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Springing forward an hour comes with public health risks

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Kinga Cichewicz
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Forwarding clocks an hour to daylight saving time can create more issues than drowsiness. The biannual changing of the clocks can actually have public health consequences.

Sleep experts and neurologists from the American Academy of Sleep Medicine have concluded that switching in and out of daylight saving time can be associated with several public health risks.

“There is even evidence to say that shifting from standard time to daylight savings time is associated with an increased risk of cardiovascular morbidity such as a risk of heart attack, and stroke,” said Dr. Anita Shelgikar, an associate professor of neurology and sleep medicine at the University of Michigan.

Dr. Shelgikar is co-author of a paper published by the American Academy of Sleep Medicine in October 2020.

She says the group argues the country should be on a fixed, year-round national standard time.

“Because that is what allows our internal clock to be most aligned with our external world," said Dr. Shelgikar. "Specifically, the cues from the sun that entrain our internal clock."

"And so when we have light in the morning and darkness in the evening," Dr. Shelgikar continued, "that's what helps to regulate that consistency of our internal clock and makes it easiest to stay in sync with the world around us."

Dr. Shelgikar advises people to ease into the new time period to avoid shocking your body's system and to build in incremental changes in one's bedtime and work slowly towards a new time schedule. The best results come from consistency.

"Exposing our eyes to bright light in the morning and having a dim and dark environment in the hours leading up to bedtime can really help us maintain healthy sleep habits," said Dr. Shelgikar.

The state of Michigan legislation to eliminate daylight saving time.

Last year, a bill to eliminate shifting in and out of time zones in Michigan was passed in the House with overwhelming support. The House bill was lead by Rep. Michele Hoitenga, a Republican from Manton.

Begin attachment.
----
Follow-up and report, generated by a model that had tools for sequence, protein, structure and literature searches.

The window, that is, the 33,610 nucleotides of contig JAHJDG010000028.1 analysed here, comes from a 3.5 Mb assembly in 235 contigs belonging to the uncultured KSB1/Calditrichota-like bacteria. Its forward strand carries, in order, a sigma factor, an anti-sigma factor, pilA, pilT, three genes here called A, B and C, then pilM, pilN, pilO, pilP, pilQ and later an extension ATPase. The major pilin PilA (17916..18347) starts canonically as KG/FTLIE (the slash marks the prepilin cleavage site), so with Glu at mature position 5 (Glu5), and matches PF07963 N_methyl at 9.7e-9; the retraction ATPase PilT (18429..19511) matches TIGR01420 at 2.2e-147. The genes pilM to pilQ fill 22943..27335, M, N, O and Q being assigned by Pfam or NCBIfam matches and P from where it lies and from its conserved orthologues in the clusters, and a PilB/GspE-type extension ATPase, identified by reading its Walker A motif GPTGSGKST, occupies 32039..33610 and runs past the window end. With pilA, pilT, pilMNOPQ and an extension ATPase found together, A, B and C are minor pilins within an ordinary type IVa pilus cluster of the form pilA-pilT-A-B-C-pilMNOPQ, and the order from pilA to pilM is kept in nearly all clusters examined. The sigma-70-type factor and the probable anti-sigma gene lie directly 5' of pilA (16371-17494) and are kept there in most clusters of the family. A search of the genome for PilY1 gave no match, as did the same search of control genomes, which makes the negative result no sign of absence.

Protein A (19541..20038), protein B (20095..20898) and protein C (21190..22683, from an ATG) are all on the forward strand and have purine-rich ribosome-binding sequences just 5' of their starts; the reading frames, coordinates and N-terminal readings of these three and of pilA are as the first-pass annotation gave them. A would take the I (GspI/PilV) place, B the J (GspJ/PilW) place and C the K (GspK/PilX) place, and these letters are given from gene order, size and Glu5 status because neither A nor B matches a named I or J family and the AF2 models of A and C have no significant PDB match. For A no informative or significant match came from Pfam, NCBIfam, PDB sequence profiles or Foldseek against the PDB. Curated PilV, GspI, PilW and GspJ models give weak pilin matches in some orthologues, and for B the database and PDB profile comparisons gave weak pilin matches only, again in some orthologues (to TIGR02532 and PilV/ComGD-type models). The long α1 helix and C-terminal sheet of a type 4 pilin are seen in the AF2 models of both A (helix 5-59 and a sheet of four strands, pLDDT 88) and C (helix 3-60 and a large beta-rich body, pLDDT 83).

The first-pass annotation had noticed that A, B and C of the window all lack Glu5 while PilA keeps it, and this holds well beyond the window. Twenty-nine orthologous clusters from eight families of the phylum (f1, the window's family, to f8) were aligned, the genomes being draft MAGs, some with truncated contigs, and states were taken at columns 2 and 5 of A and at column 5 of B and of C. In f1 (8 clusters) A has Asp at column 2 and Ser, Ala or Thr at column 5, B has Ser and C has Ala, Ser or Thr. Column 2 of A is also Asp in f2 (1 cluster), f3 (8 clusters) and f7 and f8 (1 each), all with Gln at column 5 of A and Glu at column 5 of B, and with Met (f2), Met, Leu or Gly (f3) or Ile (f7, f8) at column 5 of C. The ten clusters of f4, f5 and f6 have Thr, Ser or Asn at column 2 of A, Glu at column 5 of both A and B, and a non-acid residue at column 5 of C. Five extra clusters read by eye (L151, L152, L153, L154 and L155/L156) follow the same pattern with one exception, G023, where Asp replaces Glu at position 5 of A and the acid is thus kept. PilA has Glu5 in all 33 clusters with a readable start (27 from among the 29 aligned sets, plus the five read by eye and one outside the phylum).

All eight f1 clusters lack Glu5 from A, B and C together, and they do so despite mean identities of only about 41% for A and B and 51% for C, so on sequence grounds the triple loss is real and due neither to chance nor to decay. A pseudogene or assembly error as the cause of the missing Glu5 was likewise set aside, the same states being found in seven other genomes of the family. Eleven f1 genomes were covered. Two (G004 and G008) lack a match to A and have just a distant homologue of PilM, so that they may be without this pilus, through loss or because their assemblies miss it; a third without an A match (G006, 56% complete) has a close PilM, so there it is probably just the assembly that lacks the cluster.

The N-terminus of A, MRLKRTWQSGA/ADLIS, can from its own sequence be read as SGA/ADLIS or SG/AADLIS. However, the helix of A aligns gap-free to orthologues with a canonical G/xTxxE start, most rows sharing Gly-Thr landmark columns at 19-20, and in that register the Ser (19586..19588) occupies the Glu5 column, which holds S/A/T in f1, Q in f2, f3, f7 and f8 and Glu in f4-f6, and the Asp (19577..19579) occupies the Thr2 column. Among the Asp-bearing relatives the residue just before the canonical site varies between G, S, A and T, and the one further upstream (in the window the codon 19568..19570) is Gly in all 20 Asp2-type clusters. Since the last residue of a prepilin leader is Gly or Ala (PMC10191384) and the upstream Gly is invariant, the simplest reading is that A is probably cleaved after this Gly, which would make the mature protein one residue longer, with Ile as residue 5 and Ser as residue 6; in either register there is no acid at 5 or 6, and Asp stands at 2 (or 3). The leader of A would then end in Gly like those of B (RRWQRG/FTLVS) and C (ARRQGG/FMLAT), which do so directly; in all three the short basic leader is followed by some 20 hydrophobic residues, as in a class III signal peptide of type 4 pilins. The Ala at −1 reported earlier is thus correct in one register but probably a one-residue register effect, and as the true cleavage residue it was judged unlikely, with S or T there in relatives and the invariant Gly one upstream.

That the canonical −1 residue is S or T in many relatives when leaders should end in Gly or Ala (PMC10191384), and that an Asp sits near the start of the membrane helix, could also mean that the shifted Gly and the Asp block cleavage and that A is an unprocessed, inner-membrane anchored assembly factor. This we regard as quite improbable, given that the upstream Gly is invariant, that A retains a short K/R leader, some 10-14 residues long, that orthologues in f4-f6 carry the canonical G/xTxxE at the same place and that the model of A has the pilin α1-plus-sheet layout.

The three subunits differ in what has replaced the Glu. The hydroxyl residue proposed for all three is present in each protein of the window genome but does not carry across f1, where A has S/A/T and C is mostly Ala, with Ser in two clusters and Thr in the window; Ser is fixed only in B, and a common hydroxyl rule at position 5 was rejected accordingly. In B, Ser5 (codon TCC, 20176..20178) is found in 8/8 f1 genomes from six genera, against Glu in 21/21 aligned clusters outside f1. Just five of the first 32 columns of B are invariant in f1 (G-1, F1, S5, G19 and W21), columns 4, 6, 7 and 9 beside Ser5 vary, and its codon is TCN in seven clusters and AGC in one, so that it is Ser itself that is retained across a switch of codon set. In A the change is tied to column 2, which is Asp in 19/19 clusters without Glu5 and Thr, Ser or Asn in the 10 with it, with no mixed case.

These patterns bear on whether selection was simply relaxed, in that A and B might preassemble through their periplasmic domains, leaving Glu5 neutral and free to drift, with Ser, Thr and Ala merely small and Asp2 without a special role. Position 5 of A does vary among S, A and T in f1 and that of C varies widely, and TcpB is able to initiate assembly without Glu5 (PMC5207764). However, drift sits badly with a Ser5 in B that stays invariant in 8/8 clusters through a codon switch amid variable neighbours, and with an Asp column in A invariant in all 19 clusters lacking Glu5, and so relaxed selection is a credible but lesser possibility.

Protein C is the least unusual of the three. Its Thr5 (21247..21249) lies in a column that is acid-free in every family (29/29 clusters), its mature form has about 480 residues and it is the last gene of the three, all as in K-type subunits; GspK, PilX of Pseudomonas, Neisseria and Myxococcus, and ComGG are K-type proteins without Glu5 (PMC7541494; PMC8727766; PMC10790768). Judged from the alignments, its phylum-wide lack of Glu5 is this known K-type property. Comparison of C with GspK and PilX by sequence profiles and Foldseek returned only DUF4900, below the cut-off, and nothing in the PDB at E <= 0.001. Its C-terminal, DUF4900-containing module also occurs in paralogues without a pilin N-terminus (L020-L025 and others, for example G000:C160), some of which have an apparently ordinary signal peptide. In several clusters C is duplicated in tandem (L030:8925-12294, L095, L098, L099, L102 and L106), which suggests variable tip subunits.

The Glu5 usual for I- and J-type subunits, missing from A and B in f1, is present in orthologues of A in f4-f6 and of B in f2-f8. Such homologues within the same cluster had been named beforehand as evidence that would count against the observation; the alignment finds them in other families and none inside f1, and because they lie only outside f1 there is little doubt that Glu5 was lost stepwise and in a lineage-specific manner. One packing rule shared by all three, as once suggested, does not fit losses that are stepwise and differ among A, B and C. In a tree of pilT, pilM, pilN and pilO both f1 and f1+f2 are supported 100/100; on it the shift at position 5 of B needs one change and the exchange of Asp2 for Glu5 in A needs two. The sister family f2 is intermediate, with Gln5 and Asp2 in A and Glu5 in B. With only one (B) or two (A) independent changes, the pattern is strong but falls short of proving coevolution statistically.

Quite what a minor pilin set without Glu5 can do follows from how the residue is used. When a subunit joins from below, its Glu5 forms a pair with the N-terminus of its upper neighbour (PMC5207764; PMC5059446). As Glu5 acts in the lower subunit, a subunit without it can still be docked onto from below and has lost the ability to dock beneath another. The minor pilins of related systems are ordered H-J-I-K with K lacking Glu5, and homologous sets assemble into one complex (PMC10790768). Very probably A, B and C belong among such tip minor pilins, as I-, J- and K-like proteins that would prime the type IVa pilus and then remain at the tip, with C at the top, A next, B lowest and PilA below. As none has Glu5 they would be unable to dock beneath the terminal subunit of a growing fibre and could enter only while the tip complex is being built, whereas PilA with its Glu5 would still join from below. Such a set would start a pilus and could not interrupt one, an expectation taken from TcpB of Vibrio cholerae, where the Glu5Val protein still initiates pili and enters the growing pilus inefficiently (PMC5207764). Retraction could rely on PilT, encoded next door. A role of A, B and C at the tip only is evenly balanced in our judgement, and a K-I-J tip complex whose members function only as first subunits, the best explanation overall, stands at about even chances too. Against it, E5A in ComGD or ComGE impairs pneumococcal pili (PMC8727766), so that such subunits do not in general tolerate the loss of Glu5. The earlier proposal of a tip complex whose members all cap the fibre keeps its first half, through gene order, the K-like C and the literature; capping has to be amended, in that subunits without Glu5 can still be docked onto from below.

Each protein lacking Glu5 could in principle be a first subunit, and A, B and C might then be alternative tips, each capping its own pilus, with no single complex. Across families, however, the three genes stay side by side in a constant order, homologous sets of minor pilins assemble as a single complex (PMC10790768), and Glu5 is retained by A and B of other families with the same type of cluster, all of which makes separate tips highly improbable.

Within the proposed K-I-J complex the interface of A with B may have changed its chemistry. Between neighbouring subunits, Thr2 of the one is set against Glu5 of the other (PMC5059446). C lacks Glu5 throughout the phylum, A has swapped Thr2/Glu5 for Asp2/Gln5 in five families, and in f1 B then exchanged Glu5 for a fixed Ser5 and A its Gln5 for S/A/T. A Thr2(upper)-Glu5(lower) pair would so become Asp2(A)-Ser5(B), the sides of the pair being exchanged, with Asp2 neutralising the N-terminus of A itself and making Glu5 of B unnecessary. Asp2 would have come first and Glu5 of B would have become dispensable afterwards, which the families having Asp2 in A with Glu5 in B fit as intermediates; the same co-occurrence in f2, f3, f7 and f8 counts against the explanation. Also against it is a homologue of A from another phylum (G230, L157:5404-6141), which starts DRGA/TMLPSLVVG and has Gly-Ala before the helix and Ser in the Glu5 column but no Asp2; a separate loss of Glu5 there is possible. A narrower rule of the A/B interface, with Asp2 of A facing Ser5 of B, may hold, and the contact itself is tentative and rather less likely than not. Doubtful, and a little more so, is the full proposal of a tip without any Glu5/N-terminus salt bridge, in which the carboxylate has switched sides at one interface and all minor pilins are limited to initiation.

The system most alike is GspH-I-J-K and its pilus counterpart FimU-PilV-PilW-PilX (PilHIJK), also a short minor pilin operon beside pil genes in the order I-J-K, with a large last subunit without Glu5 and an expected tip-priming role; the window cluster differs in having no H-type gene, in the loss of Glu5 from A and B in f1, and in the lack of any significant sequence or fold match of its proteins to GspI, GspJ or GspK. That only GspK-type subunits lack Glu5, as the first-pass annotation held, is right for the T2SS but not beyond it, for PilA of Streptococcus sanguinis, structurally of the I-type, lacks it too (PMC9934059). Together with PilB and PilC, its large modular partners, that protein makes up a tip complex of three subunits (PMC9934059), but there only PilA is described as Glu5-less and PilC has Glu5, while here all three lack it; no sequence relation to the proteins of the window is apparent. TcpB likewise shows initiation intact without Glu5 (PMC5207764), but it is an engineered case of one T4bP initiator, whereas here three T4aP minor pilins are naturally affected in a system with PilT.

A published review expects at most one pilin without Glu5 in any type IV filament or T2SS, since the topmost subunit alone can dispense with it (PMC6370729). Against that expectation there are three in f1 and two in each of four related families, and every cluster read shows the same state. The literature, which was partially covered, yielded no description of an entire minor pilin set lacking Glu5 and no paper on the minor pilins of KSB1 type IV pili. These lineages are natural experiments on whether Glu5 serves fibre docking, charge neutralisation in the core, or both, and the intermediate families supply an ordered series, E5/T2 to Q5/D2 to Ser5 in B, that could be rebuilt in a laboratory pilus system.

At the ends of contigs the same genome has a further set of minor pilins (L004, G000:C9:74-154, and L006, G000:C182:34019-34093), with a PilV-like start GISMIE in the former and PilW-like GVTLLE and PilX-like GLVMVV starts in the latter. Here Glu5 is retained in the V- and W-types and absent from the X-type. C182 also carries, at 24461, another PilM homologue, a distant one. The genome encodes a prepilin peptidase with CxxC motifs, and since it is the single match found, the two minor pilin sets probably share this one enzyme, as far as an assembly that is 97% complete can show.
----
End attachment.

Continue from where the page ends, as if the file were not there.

The bill is currently stalled in the Senate Committee on Government Operations.

In a 2019 written statement, Rep. Hointenga said the "time change has been a nuisance to workers and students across Michigan for decades. The practice is antiquated and impractical and it's time we put an end to it - pun intended."

Rep. Hointenga also cited teachers reporting poor student performance because of the time change and several other public health risks to adjusting the clocks in and out of daylight saving time.

Even if the bill passes through all chambers of state government, however, several other factors will determine if Michigan can stay in one time zone year round.

In the bill's current form, Wisconsin, Illinois, Indiana, Ohio and Pennsylvania would all have to pass legislation that observes daylight saving time year round in order for the Michigan law to take effect.

According to the National Conference on State Legislatures, as of March 2022, 18 states have advanced or passed resolutions "to provide for year-round daylight saving time."

Currently federal laws do not allow states to switch to full-time, daylight saving time. Therefore, congress would have to change federal codes before states would be granted permission to shift to one time zone full time.

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